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GreekReporter.comLifeevents75 Greek Films To Be Screened During The 14th Thessaloniki Documentary Festival

75 Greek Films To Be Screened During The 14th Thessaloniki Documentary Festival

The Greek crisis and its many facets are at the forefront of this year’s versatile local documentary production: politics, the Greek financial crash, unemployment, demonstrations, immigration, environmental consequences and the relationship of the citizen to the damaged urban landscape are only some of the issues explored in approximately 75 Greek films to be screened during the 14th TDF, including both features and shorts.
Included in the International Program as well as the Greek Panorama and Spotlight sections, these films record social realities that constantly change and evolve. In addition, local filmmakers expand their vision outside Greece, by travelling the world in search of fascinating subjects: shooting films from Italy to Palestine and from Ghana to Argentina, Greek documentarians are, more than ever, a part of the global documentary community.
As previously announced, the spotlight on Angelos Abazoglou presents the body of work of a Diaspora filmmaker who focuses on cultural and historical relations between Mediterranean countries, and the way these relations often transcend geographical boundaries. In addition, a spotlight on the TV show Docville acquaints us with daily life in various Greek cities today, while the collection of films entitled Meeting with Remarkable People, all directed by Menelaos Karamaghiolis, focuses on remarkable personages from the arts and sciences, both in Greece and abroad.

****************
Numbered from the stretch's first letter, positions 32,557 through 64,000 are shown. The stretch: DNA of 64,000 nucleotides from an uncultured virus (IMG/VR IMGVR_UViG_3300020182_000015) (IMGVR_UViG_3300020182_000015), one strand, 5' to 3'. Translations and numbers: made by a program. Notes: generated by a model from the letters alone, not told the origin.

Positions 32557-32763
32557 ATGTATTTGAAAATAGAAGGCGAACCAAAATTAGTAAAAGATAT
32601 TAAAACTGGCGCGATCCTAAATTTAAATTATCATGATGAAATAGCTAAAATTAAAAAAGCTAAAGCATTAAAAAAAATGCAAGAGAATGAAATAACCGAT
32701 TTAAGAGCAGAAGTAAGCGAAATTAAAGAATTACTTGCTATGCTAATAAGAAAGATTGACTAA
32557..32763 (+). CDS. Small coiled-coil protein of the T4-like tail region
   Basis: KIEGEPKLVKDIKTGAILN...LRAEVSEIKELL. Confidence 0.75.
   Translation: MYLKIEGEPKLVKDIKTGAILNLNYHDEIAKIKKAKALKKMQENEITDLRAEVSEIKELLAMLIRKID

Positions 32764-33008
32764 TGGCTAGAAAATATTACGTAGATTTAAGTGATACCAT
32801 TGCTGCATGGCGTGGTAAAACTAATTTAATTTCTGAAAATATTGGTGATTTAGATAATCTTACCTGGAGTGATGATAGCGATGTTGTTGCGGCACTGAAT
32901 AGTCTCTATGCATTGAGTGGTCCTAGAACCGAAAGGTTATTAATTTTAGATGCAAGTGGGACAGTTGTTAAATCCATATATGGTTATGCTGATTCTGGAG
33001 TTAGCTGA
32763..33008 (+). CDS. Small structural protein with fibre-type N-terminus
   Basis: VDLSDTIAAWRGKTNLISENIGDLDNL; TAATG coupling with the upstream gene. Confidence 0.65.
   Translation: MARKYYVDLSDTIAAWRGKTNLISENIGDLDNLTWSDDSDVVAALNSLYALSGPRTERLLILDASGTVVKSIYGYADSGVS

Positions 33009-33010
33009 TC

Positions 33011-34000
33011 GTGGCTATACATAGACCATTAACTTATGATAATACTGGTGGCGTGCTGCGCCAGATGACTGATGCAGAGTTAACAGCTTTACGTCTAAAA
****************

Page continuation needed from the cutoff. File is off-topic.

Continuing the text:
On the much-discussed Greek crisis, some films shed lights, such as Krisis by Nikos Katsaounis and Nina Maria Paschalidou, 155 SOLD by Yiorgos Panteleakis, Children of the Riots by Christos Georgiou, and Oligarchy by journalist Stelios Kouloglou, which explores the crisis’ birth and evolution from a global perspective. The reality of immigration in the country can be seen in Evros, the Other Side by Chronis Pehlivanidis and Waiting for the Barbarians by Kostas Stamatopoulos, while Greektown, New England by Nikos Panoutsopoulos journeys through the Greek-American communities of New England, investigating themes of identity, assimilation and heritage.
Documentaries that focus on the environment such as Toxic Crisis by Omiros Evangelinos and Ecological Diaries: A Silent Sea by Yiannis Misouridis explore pressing issues as varied as waste disposal and its mishandling, to nutritional habits in the modern world.
History, collective memory and individuals that personify the ideal of the Greek spirit are always themes at the heart of Greek documentary production: Fofo Terzidou’s By-standing and Standing-by is the story of Greek Jews who survived the Holocaust and Sharing an Island by Danae Stylianou brings together six young Cypriots from the two sides of the island and offers them a chance to debate history.
Everyday heroes are presented in Metaxa, Listening to Time by Stavros Psyllakis, whose protagonists are the doctors of the Metaxa oncology clinic, and in The Blind Fisherman by Stratis Vogiatzis and Thekla Malamou and My Name is Stelios by Yiannis Kaspiris, about ordinary people overcoming extraordinary difficulties.
(Source: releases)

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